Westbrook had been driving his black BMW the morning of Aug. 21, 2013, heading to work at an IT company. He alleges that during the stop, Gelhaus pointed a gun at him without reasonable cause.
"Seeing a weapon put in your face ... I was speechless. I mean my hands went in the air," said Westbrook, 60. "My passenger looked up and said 'Oh my God. We almost got killed.'"
Westbrook disputed the ticket Gelhaus gave him -- for an allegedly unsafe lane change -- and a Sonoma County Superior Court judge later threw it out.
Westbrook also filed a complaint with the Sheriff's Office and received a response a few months later. The sheriff's internal affairs unit wrote to him that its investigation determined the complaint unfounded.
Because that traffic stop occurred just two months before Gelhaus shot Lopez, Westbrook says he often laments not complaining more vigorously.
"If I had gone down there and waved my arms like a big gorilla and caused hell maybe they would have pulled (Gelhaus) aside," Westbrook said. "Maybe that kid would still be alive."
Peter Keane, a former chief assistant public defender and police commissioner in San Francisco, says that length of service and the popularity of officers among colleagues matters much more than civilian complaints for promotions in most law enforcement agencies nationwide.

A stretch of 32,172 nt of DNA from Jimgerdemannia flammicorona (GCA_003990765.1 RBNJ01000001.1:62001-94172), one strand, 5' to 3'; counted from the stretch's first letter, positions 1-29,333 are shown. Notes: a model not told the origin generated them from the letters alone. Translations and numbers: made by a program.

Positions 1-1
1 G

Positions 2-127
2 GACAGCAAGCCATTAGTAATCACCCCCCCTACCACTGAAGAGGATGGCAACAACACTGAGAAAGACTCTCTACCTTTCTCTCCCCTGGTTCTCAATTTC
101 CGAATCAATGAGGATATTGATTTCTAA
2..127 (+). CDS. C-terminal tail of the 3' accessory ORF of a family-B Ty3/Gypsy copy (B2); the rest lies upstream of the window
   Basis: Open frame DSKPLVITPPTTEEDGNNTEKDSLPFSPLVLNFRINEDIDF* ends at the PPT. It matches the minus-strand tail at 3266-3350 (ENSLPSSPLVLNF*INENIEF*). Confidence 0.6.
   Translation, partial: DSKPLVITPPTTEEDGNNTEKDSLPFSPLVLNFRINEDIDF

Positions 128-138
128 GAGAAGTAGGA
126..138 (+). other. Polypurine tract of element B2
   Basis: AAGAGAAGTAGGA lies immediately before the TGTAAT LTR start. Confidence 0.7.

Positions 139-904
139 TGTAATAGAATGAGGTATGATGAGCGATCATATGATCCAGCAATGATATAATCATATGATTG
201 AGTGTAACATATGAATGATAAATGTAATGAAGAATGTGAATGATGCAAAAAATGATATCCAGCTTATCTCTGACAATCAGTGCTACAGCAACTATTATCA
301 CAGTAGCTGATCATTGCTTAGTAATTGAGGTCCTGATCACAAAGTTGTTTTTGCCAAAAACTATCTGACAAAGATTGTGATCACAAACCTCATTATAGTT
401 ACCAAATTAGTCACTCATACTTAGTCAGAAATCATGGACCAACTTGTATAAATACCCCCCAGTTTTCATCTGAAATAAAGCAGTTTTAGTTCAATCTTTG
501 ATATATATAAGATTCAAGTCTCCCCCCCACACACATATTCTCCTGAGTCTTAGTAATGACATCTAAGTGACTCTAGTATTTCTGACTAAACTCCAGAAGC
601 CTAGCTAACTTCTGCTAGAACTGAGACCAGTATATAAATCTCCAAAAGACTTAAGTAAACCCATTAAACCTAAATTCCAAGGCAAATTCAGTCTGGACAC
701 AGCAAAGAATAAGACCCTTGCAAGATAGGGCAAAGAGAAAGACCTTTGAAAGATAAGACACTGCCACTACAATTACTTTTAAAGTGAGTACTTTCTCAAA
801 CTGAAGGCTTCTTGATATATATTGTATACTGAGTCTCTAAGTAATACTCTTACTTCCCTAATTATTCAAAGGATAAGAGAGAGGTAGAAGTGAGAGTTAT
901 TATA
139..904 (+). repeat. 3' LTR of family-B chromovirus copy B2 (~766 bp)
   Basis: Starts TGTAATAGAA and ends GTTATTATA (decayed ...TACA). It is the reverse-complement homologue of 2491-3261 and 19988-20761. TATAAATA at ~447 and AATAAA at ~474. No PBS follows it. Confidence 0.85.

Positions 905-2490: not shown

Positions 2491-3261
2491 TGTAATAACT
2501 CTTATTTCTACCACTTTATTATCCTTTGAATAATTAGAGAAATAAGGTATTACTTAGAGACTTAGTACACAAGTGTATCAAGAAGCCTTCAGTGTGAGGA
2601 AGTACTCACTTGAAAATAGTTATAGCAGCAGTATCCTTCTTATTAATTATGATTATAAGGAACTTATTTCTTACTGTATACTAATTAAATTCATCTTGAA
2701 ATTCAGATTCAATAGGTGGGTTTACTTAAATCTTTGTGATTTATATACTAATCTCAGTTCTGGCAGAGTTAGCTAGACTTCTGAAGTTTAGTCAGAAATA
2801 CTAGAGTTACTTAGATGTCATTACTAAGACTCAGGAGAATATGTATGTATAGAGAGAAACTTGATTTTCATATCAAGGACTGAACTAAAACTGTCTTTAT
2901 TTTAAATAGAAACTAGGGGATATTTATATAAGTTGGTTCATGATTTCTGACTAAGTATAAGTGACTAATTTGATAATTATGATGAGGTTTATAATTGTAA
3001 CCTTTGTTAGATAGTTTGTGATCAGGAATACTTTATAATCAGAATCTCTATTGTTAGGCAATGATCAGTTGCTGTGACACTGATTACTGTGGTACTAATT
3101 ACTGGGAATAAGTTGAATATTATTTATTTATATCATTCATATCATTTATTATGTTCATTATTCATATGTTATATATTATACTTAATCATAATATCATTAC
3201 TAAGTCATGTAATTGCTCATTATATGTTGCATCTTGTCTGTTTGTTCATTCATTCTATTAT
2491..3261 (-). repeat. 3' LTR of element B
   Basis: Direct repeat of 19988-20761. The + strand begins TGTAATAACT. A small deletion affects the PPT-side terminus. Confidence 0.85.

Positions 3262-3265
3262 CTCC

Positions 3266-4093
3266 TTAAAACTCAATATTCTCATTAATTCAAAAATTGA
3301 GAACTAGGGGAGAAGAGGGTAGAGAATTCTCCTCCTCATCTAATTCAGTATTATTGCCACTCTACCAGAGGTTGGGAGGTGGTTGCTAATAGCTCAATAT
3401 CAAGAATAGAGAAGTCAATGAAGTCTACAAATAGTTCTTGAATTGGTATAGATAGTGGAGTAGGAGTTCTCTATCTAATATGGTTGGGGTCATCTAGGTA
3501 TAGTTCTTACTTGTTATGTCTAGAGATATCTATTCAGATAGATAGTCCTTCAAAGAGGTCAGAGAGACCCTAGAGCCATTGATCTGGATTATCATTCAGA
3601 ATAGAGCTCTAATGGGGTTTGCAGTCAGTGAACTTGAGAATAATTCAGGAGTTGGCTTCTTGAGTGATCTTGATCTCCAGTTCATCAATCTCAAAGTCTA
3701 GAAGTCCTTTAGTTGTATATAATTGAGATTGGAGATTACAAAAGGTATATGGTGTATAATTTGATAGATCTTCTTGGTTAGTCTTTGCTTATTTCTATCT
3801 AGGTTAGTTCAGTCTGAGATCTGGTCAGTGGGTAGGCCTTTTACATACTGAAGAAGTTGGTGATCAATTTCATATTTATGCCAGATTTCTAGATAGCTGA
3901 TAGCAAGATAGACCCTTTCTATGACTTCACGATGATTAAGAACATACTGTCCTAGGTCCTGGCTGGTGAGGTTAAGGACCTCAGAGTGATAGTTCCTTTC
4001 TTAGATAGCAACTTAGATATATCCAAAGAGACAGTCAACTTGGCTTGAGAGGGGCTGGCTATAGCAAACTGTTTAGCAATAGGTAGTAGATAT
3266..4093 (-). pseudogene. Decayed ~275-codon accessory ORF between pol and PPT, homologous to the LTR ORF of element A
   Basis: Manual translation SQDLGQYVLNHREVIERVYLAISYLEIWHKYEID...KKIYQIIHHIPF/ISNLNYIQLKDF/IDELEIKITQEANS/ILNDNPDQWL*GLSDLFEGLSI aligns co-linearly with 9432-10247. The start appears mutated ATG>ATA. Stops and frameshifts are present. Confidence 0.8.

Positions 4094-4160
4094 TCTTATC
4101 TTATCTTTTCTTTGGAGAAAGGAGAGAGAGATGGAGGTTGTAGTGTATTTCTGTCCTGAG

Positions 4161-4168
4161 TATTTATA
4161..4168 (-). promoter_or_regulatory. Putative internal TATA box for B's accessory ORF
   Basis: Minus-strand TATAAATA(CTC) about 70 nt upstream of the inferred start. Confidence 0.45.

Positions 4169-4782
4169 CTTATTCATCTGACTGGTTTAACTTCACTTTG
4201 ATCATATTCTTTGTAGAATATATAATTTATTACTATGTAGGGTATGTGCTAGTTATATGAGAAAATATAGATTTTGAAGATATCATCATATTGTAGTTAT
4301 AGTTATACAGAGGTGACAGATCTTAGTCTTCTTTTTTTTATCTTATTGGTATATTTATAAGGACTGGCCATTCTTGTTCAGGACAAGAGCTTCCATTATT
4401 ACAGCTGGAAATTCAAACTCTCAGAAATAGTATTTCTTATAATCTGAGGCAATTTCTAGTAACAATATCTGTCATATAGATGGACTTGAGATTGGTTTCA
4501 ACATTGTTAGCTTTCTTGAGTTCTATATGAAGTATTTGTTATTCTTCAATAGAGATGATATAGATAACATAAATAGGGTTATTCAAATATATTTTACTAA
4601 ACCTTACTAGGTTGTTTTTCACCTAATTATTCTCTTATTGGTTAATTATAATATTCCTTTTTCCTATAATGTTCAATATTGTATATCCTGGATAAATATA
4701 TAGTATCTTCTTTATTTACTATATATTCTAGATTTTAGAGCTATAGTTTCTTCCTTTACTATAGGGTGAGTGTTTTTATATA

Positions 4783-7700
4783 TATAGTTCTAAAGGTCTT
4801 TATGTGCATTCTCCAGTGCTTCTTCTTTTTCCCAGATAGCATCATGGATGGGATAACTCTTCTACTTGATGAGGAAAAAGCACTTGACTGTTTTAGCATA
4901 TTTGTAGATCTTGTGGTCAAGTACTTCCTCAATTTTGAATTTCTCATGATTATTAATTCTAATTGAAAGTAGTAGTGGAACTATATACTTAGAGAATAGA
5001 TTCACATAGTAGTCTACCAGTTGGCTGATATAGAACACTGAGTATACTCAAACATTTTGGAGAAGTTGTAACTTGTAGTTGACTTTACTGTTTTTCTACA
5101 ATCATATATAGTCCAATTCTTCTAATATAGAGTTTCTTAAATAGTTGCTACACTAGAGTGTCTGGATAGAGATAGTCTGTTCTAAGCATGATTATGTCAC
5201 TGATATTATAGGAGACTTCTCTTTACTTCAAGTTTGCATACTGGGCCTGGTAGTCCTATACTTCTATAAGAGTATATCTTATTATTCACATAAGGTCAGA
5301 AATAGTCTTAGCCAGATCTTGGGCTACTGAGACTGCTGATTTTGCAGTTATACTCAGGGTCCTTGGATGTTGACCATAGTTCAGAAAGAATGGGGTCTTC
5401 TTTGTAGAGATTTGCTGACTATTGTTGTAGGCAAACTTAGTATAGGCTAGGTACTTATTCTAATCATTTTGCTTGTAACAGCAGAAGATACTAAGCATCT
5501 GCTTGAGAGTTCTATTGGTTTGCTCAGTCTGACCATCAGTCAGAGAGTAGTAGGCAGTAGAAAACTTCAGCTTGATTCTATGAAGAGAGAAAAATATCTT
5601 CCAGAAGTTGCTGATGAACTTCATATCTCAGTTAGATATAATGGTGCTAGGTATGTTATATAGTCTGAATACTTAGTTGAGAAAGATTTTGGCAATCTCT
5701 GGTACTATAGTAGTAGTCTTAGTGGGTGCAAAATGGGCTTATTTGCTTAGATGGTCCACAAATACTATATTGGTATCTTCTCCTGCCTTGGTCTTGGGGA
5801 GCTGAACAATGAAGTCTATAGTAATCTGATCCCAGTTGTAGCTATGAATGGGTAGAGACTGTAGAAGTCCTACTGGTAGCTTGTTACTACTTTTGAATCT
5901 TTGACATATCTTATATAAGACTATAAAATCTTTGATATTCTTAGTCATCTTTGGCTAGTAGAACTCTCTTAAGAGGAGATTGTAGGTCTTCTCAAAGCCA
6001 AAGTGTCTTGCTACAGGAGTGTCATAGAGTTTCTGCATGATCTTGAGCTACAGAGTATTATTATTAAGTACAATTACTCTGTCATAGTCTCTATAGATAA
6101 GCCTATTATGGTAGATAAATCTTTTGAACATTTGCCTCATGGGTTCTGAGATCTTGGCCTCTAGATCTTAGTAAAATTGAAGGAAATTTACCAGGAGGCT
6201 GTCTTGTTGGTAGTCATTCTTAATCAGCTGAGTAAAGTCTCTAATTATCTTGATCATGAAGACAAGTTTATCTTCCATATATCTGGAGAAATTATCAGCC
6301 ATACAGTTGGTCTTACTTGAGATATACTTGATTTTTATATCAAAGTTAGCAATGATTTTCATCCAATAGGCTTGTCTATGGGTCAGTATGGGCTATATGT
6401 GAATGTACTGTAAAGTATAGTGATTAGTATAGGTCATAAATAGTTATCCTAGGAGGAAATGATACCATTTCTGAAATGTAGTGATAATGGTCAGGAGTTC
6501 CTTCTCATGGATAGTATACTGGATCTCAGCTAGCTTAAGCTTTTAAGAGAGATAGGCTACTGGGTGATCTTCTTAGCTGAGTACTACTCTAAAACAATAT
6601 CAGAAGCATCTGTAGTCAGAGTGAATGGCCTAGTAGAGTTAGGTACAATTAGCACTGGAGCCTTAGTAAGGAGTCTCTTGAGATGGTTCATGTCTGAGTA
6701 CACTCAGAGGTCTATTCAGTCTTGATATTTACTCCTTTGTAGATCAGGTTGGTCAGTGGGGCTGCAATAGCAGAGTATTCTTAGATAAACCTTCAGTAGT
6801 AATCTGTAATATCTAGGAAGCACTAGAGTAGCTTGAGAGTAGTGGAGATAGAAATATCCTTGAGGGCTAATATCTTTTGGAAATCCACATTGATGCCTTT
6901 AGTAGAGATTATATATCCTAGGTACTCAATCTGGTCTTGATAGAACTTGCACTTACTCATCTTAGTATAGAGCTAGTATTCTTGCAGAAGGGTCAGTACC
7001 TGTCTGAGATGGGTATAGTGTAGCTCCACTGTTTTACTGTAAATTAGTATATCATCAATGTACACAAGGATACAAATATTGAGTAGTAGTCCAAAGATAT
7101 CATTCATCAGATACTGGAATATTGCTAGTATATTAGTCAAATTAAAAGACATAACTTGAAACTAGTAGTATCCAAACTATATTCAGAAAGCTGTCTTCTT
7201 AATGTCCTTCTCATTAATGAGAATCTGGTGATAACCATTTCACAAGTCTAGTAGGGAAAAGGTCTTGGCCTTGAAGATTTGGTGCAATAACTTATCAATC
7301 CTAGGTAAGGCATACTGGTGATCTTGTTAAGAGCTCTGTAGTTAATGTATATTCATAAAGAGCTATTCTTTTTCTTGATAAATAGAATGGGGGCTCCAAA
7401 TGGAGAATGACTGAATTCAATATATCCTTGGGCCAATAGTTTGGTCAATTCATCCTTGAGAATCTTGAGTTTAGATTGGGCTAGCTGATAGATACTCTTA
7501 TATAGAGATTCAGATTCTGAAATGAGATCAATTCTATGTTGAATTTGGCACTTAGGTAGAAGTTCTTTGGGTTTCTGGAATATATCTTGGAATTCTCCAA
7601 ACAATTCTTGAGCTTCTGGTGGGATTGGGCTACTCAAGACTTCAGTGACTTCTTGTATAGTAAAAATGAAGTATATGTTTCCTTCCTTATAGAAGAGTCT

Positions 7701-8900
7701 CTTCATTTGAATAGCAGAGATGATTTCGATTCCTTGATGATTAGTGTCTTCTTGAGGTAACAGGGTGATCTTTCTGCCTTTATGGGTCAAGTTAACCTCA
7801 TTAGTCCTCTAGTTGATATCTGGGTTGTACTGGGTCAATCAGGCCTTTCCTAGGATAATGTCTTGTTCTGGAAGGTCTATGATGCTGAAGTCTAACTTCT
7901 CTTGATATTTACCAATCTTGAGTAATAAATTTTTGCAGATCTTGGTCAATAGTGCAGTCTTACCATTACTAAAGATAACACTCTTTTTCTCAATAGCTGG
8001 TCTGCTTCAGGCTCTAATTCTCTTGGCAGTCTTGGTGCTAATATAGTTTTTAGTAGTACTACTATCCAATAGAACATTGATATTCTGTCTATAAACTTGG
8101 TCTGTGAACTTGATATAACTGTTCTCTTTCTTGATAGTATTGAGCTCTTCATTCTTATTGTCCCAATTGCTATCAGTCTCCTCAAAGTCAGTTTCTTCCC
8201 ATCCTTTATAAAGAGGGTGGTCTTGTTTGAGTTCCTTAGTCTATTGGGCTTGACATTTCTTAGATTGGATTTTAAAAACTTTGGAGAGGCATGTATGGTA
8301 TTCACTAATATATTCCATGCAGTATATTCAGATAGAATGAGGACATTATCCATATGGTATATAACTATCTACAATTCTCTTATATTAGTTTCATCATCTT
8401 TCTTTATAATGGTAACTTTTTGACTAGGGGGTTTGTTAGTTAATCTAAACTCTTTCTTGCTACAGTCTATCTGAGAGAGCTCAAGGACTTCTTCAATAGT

"Promotion within that agency and the way those officers move up is almost never affected by whether or not there have been any kind of complaints against the officer," said Keane, who has nearly 50 years of experience with the criminal justice system.
Keane has seen that even when counties and cities have paid out large sums for civil lawsuits because of an officer's misconduct, managers still promote that officer through the ranks.
The impact, according to Keane, is less accountability and less safety because civilians often won't trust their law enforcement agency enough to report crimes.
Brand-New Independent Auditor of Complaints
In an effort to increase public trust, Sonoma County has opened a county office to audit the sheriff's investigations of civilian complaints against officers. It was set up as a direct result of nearly two years of community meetings after Andy Lopez's death.
Threet says he'll be able to watch sheriff's investigations as they are happening. He says he and one assistant -- the office's total staff -- will have access to body-cam videos, recordings of interviews with witnesses and documents to determine if investigations are unbiased and thorough.
"Our office will say whether we agree with those findings or whether we think that they're incorrect and there should have been a different finding on the complaint," said Threet, a former San Francisco deputy city attorney.
Threet can't require the sheriff to discipline deputies. But citizens can now bring complaints to Threet so he can follow up.
"The sheriff's department fully understands that there is a challenge right now with community relations, particularly with the Latino community ... and they are eager to start grappling with that," Threet said.